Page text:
Still, there are silver linings in this high-concept brew, and there's no denying that as a visual/auditory experience, the film impresses. There's a Kubrick thing going on here in terms of style; from the rigid camera moves, sterile coldness of Nathan's immaculately designed compound, to the flashes of stark red glowing inside claustrophobic quarters. The sound design too, is dense and all-encompassing, providing a steady low vibrating hum over most scenes, occasionally punctuated by Ben Salisbury and Geoff Barrow's effectively minimalistic score. As a amalgamation of Bill Gates and a douche frat boy, Isaac oozes charisma and off-kilter energy; bringing a much-needed playfulness to the mostly somber atmosphere, which also includes some sweet Disco dance moves. Gleeson is also solid in the audience stand-in role, but his character is mostly a construct in order to shift our sympathies toward Ava, whose played with icy perfection by newcomer Vikander. Caleb's quick transformation from nerdy computer geek to heart-on-his-sleeve romantic before descending into something much more sinister, is also not that convincing. The film's best scenes; such as a lovely moment where Ava tries on a dress and a heartfelt monologue by Caleb about his childhood, are handled delicately, but too much of the film's last half merely descends into alarmist red-herrings and goes exactly where we expected it to.
The obvious rebuttal to the claim that Ex Machina represents reductive portraits of gender roles is that most tech billionaire masterminds are indeed male and that the third act turns things into a subversively feminist take down of the patriarchal system. This, though, is a rather simplistic reading of the film and doesn't take into account that as a writer, Garland could have gone any way he wanted with the premise. The blurred line between human and machine, soul and sentience, and whether or not man should play god are all themes explored before in superior pictures (A.I., Blade Runner, 2001: A Space Odyssey), and Garland doesn't really offer anything novel to the conversation, nor does he take genre cliches and twist them on their heads to offer us a fresh way of looking at sexuality and gender. Instead, things go down with a number of late act reveals in which nearly every character motivation reeks of contrivance. Nathan's alcoholism, for example, hints at demons buried under the veneer of isolation and faux-braggadocio posturing, but that too, is simply turned into a plot point. This is all the more disappointing since Garland has created a marvelously evocative world in which to set his three central characters.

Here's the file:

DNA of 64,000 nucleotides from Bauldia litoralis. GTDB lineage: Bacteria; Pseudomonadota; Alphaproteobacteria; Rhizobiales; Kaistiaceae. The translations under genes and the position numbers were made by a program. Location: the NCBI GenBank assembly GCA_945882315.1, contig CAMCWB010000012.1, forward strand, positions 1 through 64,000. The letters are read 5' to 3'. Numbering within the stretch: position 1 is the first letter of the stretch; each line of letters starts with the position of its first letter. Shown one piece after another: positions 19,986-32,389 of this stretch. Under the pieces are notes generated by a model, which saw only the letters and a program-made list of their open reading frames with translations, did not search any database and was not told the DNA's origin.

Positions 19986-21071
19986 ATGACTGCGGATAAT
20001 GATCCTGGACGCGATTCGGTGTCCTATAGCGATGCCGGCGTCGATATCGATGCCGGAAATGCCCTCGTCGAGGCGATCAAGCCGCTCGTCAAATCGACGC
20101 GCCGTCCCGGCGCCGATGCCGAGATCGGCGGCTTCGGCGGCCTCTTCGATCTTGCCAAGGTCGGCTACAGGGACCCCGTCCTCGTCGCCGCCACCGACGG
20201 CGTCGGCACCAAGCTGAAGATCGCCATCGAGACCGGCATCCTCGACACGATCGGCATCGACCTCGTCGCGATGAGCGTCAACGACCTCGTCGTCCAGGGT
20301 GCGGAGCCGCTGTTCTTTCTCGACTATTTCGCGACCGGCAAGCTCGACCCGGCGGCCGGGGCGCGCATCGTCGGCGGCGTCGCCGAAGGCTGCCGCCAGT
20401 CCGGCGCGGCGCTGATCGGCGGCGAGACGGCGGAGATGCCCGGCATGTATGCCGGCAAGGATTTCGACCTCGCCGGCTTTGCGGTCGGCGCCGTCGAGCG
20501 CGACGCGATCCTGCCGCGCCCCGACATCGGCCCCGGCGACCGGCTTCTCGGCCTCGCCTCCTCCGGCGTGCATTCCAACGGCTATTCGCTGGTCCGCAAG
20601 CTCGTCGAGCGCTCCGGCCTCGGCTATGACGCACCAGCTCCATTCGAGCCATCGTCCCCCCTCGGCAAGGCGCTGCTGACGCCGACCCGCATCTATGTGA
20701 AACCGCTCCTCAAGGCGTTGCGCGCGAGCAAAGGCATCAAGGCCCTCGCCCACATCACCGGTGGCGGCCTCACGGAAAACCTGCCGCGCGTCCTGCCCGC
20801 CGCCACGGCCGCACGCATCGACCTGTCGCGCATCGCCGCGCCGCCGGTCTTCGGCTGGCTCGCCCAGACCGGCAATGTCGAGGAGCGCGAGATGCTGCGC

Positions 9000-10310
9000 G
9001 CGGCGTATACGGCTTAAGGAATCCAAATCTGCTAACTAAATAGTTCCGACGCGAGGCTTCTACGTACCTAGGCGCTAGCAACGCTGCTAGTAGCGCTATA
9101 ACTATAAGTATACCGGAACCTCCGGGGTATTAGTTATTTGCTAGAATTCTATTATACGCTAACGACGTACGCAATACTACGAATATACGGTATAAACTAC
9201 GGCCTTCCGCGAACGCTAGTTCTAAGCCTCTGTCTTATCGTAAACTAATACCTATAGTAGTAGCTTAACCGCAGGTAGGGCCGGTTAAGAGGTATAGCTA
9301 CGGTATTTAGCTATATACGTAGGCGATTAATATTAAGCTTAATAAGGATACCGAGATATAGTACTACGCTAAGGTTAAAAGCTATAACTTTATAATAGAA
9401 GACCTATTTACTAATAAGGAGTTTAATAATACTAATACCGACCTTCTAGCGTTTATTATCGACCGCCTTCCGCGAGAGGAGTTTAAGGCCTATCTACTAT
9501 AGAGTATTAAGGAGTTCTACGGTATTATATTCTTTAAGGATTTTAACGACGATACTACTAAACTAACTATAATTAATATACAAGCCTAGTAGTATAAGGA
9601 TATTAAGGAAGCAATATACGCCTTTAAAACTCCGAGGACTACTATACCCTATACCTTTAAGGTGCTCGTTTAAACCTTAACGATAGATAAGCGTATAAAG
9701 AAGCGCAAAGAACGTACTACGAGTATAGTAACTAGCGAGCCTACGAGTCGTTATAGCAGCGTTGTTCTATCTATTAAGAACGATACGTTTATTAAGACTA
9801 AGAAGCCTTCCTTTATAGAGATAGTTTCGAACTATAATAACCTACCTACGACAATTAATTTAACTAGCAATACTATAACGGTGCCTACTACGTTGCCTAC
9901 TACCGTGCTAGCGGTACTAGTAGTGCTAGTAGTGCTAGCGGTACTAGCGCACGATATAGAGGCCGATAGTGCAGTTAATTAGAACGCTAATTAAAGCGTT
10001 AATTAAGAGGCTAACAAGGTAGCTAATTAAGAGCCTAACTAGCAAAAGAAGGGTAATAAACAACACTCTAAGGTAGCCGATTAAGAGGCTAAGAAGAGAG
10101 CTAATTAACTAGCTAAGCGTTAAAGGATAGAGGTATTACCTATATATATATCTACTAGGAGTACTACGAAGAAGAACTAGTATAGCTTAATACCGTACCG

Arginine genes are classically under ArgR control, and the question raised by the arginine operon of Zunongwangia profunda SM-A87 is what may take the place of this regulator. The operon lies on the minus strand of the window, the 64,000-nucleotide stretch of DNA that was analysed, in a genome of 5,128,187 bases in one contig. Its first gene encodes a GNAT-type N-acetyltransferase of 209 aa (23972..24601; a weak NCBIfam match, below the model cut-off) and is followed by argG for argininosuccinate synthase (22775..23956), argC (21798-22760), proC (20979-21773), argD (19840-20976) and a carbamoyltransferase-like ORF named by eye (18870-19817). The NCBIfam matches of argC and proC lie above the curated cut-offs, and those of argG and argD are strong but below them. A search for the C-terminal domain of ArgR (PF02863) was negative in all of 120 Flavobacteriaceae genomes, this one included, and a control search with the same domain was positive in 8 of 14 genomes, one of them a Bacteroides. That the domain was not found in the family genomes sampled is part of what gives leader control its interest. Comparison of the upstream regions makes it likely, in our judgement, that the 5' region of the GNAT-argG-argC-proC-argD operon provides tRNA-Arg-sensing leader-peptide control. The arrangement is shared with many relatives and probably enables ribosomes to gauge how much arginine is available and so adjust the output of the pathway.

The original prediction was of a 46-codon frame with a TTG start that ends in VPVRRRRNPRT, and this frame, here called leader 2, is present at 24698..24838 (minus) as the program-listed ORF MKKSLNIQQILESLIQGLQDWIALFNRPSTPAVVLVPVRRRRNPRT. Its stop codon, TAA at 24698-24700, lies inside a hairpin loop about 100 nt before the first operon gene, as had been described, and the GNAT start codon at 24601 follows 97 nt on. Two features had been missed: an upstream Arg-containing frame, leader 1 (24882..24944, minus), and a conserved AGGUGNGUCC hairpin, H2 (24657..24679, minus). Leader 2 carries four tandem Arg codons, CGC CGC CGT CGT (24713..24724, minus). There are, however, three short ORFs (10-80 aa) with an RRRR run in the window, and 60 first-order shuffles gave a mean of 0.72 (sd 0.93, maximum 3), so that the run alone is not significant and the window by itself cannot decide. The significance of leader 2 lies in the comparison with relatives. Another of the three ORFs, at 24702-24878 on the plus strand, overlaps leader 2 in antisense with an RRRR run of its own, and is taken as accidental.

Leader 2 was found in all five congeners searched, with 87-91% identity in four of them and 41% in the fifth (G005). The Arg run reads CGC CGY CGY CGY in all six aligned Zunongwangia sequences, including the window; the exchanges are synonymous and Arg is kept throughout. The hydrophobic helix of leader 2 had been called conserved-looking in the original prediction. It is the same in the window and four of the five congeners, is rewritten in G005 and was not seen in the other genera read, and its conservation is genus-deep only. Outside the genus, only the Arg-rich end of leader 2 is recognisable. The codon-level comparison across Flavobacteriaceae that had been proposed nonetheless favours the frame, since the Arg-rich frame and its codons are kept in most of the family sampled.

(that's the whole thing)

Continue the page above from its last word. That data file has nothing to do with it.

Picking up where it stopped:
As a chamber piece, Ex Machina is nominally effective, but it could have been profound had Garland adjusted his point of view. Though he's adamantly claimed in interview's that Ava is the film's protagonist, he never allows a female point of view to be constructively utilized, especially since Ava is never really human to begin with. What we are left with; after all of Caleb and Nathan's philosophical conversations and Garland's theoretical mind games, is a strikingly photographed, well-acted thriller that basically boils down to men being sexist creeps and robots raging against the machine. Not exactly forward thinking science fiction, but that's simply one sentient being's opinion.